December 6, 2018

How Netcracker is Working Within the ONAP Community on its Journey to Become Cloud-Native

To fulfill the cloud-native goal, decomposing software applications, including orchestration, into microservices has to be done the right way.

Delivering software applications through the cloud has become the new norm, and making applications cloud-native is the new goal. The term cloud-native is used a lot in the context of transitioning from virtual network functions (VNFs) to cloud-native network functions (CNFs). This movement is driven by the potential of delivering applications with real agility, on-demand scaling, resiliency, deployment flexibility and the independent development of different application components.

But what does this mean for the orchestration environment which also must be cloud-native?

Orchestration systems, just like VNFs, are software by default. But for them to be cloud-native requires a new way of designing and building its software applications.  

In the pre-cloud era, software applications consisted of a single monolithic code package. This type of architecture still creates numerous operational, management and maintenance challenges today because the application needs to be deployed, scaled and upgraded as a single entity. Taking advantage of cloud characteristics requires the application to be broken down into modular groups or microservices.

There are two critical factors that must be considered when breaking down applications into individual modules or microservices: the microservice boundary/size and its alignment with business capabilities.

1. Microservice Boundary/Size

One of the most challenging aspects of the decomposition is the degree of granularity. On one extreme, breaking down the app into hundreds of modules can ease upgrades but also lead to degradations in operational performance due to the increased overhead in inter-communication between different modules. The other end of the spectrum may consist of deploying the whole monolithic application as one module inside a container or virtual machine and calling it a microservice. A balance is clearly needed between granularity, performance and ease of operation.

2. Alignment With Business Drivers

The grouping of functionalities into modules must also be based on business drivers, such as the testability of modules, the independent development of modules or how the modules can be packaged together and offered in a marketplace as a standalone building block for similar solutions.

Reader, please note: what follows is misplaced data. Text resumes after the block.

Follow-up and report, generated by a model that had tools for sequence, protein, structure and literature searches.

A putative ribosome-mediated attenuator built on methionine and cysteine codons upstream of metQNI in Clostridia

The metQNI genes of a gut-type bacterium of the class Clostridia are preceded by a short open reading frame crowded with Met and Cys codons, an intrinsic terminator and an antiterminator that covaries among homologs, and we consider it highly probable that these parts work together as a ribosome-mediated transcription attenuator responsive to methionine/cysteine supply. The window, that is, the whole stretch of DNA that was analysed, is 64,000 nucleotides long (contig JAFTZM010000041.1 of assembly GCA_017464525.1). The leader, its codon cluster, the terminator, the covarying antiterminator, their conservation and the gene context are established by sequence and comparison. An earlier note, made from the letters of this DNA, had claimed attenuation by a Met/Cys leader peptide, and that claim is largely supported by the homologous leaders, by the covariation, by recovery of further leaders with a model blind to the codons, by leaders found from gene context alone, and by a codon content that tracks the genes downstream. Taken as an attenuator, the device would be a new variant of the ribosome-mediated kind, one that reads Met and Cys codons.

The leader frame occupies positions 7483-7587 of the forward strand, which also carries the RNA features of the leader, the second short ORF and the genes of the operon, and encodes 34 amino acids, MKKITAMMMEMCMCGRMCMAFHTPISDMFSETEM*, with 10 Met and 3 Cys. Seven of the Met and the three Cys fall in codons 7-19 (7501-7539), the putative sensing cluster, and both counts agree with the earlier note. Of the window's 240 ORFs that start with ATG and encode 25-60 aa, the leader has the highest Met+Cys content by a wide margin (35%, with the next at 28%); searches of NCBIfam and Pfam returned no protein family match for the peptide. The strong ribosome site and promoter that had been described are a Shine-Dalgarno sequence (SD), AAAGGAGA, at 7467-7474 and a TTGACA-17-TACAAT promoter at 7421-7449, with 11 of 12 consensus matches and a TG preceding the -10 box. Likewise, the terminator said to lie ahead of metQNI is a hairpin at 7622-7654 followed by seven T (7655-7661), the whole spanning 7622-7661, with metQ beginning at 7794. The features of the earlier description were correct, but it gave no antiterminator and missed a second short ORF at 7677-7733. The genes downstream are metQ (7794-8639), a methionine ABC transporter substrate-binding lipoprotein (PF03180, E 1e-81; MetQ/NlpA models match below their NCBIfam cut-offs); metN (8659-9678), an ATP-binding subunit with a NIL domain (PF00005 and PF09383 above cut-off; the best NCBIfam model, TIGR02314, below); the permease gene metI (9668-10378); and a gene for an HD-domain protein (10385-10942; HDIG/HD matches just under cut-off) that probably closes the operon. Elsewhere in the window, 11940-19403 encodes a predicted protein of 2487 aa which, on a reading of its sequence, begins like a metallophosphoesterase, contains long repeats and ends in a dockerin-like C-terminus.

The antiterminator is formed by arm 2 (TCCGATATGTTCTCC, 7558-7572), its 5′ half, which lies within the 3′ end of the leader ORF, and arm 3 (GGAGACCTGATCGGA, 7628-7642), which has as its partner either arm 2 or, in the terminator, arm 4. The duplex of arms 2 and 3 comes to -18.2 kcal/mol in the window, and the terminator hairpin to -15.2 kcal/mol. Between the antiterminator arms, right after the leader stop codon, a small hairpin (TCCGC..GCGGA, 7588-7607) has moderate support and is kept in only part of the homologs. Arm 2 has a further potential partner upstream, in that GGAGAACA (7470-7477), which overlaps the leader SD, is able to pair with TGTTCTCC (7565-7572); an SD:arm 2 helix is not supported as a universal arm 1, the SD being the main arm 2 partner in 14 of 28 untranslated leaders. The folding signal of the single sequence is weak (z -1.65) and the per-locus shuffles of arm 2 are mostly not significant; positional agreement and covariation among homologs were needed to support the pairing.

How Does This Relate to ONAP?

The Open Networking Automation Platform (ONAP), like any other open source community, is organized as a group of projects. This structure often limits ONAP from adapting essential architectural changes, as different projects follow different guidelines for decomposing functionality. While the structure may have short-term benefits for enhancing the project-specific cloud-native characteristics, it has several limitations.

  • Extensibility: It is difficult to introduce new features or support new use cases in ONAP, as many projects are impacted simultaneously.
  • Integration complexity: The integration of different modules is difficult, as interdependencies are loosely defined or changed based on ad-hoc needs.
  • Interchangeability: ONAP modules cannot be easily replaced with commercial alternatives due to the tight dependency between different modules. Service providers will also find it difficult to use only specific modules in ONAP based on functional gaps they see in their operational environment.

Working within the ONAP community to transform ONAP into a cloud-native platform is one of Netcracker’s main focus areas. Below is a brief summary of Netcracker’s architectural contributions to date.

  • Introduction of microservices design best practices, such as domain-driven design (DDD) and TM Forum’s IG1118.
    • Domain-driven design is a popular microservices design methodology which focuses on business domains rather than an application’s software building blocks. Netcracker proposes DDD as a method to align different ONAP projects to business capabilities required by service providers.
    • TM Forum’s IG1118 describes a component-system pattern for representing management systems as an assembly of components. The basic building block is a component with well-defined interfaces, such as operation, application, security, infrastructure, etc. Netcracker proposes component-system pattern as a means for designing modular, repeatable ONAP microservices.
  • Promotion of functional decomposition in a top-down manner, leveraging approaches followed in the industry, such as TM Forum’s TAM and eTOM. TM Forum’s TAM gives an exemplary model for decomposing the operational functions on multiple levels. This is similar to how macro-functionality is decomposed into microservices. The advantage of referring to TAM is that it covers the telecom operational domain with functions, which are more or less similar in nature across service providers.
  • Consolidation/alignment of different proposals for modularity and functional decomposition, showing examples of functional decomposition with operational functions as the key focus.

All of these architectural contributions share the goal of enhancing ONAP’s modularity and helping ONAP to become a cloud-native platform, enabling service providers to benefit from the real value of the cloud.


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